Page:The Bohemian Review, vol1, 1917.djvu/105

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Letting a runnel of uncomely slime
Taint our life’s fountain, grown already turbid,
Thou rangest the wide world like a mighty Amos,
Thou bearest in thy heart our whole distress.
Thy gaze is tired with peering forth afar,
But thy strong spirit, still unscathed by fear,
Urges thee on, that thou may split the rock,
Wherein fresh fountains of a fairer life
Gurgle and seethe . . .

Thy mighty faith, gushing from out thy soul,
Wan with the blazing of the direst forges,
Thy mighty faith enters my heart as well.
And this I know, belovèd Master,
Full well I know this my belovèd Teacher,
That this, my parrallel is incomplete;
One point there is, wherein shall be a change,
A joyous change, like to the spring-tide sun,
Like to the blackbird’s first exulting song
Within our gardens when the spring draws near:

For surely thou shalt find salvation’s rock,
From which a fresh and boisterous fountain bursts,
To quicken once again the half-dead flock,
With strength to brace it for a new-born life.

Thou surely shalt return, belovèd Master,
That thou mayst rest thy head amid thy flock,
And gently e’en as only thou canst speak,
Say in thy heart: “This toil of mine was good”.
September, 1915.

(Translated by Paul Selver.)

The Czecho-Slovaks[1].

On every front to which Czech soldiers are sent the Austrian generals fully understand what it means when a nation desires to break down the walls of its jail. From the very first day of the war it was clear that the Czech soldiers would not fight for the cause of the Germans and the Magyars against their friends—the nations of the Entente. They were therefore put at once under careful "observation" at the front as well as behind the lines. The watch increased in severity with every month of the war. “This is not a war secret”, said Prince Ludwig Windischgratz in the Hungarian Parliament on August 28th, 1916, “and the whole world sees it, how the service battalions are composed—that in every Czech service battalion at least 40 per cent of Magyar and German troops are included.”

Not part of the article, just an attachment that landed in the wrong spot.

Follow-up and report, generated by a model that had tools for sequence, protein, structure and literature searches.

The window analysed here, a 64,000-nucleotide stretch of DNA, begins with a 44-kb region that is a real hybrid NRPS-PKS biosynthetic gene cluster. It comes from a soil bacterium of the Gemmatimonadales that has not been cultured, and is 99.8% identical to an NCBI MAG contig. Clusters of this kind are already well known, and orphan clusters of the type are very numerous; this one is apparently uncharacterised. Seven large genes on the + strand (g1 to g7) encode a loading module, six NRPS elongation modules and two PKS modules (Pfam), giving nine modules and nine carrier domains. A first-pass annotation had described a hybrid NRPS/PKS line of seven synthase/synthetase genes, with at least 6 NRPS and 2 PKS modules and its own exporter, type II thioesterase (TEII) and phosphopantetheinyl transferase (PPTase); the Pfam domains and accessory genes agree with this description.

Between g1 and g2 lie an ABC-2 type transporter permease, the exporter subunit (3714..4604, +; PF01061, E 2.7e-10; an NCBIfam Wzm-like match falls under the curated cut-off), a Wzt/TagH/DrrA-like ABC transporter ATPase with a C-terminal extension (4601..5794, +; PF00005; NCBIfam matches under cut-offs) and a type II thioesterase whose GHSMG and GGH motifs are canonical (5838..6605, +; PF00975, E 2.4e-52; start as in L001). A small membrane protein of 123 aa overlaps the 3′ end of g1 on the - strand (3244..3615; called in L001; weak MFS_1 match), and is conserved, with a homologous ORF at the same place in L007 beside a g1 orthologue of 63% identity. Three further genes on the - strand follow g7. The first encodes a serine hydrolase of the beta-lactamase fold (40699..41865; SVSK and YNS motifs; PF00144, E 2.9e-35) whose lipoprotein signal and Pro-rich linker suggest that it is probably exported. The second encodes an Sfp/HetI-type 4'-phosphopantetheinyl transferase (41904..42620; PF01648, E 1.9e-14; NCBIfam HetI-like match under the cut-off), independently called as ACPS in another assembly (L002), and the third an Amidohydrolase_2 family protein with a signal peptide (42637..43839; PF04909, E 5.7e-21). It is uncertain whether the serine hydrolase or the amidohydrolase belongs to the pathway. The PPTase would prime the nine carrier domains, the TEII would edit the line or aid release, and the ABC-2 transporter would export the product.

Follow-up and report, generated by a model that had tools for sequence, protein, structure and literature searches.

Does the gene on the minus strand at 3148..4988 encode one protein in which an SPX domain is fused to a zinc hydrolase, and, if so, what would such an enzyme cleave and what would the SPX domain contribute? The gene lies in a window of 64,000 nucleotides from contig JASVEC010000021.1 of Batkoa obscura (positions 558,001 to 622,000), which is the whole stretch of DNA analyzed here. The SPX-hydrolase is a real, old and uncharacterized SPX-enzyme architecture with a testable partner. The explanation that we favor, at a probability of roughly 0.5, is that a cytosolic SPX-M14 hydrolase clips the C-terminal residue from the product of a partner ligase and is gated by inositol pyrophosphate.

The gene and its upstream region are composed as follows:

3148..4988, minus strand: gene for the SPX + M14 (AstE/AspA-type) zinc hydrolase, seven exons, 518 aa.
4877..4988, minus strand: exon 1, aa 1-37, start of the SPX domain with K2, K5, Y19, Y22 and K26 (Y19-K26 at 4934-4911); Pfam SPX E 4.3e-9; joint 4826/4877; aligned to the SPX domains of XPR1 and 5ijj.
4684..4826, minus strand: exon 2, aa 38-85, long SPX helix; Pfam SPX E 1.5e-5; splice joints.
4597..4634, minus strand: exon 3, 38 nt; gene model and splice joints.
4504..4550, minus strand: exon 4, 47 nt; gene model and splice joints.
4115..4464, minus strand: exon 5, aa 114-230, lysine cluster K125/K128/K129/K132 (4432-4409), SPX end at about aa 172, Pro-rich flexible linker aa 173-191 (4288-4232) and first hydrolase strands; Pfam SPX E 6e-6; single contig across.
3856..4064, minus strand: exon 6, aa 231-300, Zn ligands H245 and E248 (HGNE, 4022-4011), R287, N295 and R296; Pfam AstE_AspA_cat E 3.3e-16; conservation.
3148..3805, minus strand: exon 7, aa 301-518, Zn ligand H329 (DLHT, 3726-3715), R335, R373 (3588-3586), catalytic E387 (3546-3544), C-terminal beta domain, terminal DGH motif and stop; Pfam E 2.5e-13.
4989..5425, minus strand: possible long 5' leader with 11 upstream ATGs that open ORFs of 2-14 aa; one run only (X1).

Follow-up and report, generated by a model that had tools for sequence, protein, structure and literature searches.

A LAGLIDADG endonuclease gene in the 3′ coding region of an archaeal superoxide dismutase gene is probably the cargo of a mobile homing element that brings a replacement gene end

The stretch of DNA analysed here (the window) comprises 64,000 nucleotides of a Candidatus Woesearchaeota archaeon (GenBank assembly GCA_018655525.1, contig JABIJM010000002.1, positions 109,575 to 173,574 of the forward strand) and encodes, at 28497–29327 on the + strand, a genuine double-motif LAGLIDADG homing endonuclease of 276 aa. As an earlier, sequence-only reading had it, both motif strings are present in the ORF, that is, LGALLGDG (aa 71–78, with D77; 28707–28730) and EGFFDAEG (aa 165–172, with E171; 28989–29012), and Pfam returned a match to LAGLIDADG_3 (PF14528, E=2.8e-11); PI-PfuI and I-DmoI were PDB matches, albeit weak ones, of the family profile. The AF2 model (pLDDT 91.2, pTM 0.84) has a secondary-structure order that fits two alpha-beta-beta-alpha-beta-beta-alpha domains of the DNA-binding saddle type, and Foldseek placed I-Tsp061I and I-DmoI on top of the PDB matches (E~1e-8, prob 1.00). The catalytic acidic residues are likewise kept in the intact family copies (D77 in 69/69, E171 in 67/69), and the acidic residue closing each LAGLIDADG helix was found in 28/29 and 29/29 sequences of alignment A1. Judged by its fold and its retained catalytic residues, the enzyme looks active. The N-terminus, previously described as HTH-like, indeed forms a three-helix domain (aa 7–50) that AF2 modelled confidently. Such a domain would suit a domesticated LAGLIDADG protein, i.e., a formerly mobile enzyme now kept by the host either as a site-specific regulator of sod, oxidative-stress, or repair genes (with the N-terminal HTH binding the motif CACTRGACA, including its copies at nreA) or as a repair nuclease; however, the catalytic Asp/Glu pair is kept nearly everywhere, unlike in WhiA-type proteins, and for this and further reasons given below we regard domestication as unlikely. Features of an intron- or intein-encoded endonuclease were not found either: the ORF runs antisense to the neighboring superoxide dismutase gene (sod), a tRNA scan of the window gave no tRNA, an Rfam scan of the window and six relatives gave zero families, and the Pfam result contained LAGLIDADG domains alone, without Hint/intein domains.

Yet all these measures could not prevent the Czech soldiers from carrying out their purpose. Though carefully watched by their German and Magyar hangmen they continued individually and in groups, and even in regiments, to pass over to the side which, in the Austrian terminology, is that of the enemy, but to the Czechs is that of their liberators. In September, 1914, the 8th Regiment of the Czech Landwehr when ordered to march to the Russian front, refused obedience, and attacked its German officers. Thereupon the 75th German Regiment was sent against it, and the Czechs had to pay the penalty of their revolt. The 36th Regiment, recruited from the district of Mlada Boleslav, also mutinied whilst still in Bohemia, and was decimated by the Germans and Magyars. More effective was, however, the action of the Czechs at the front. The fact that several Czech regi-

  1. This article is a part of the pamphlet by Lewis B. Namier, bearing the above title. It is particularly interesting in view of the recent admission of Czech revolt by the Austrian minister of war.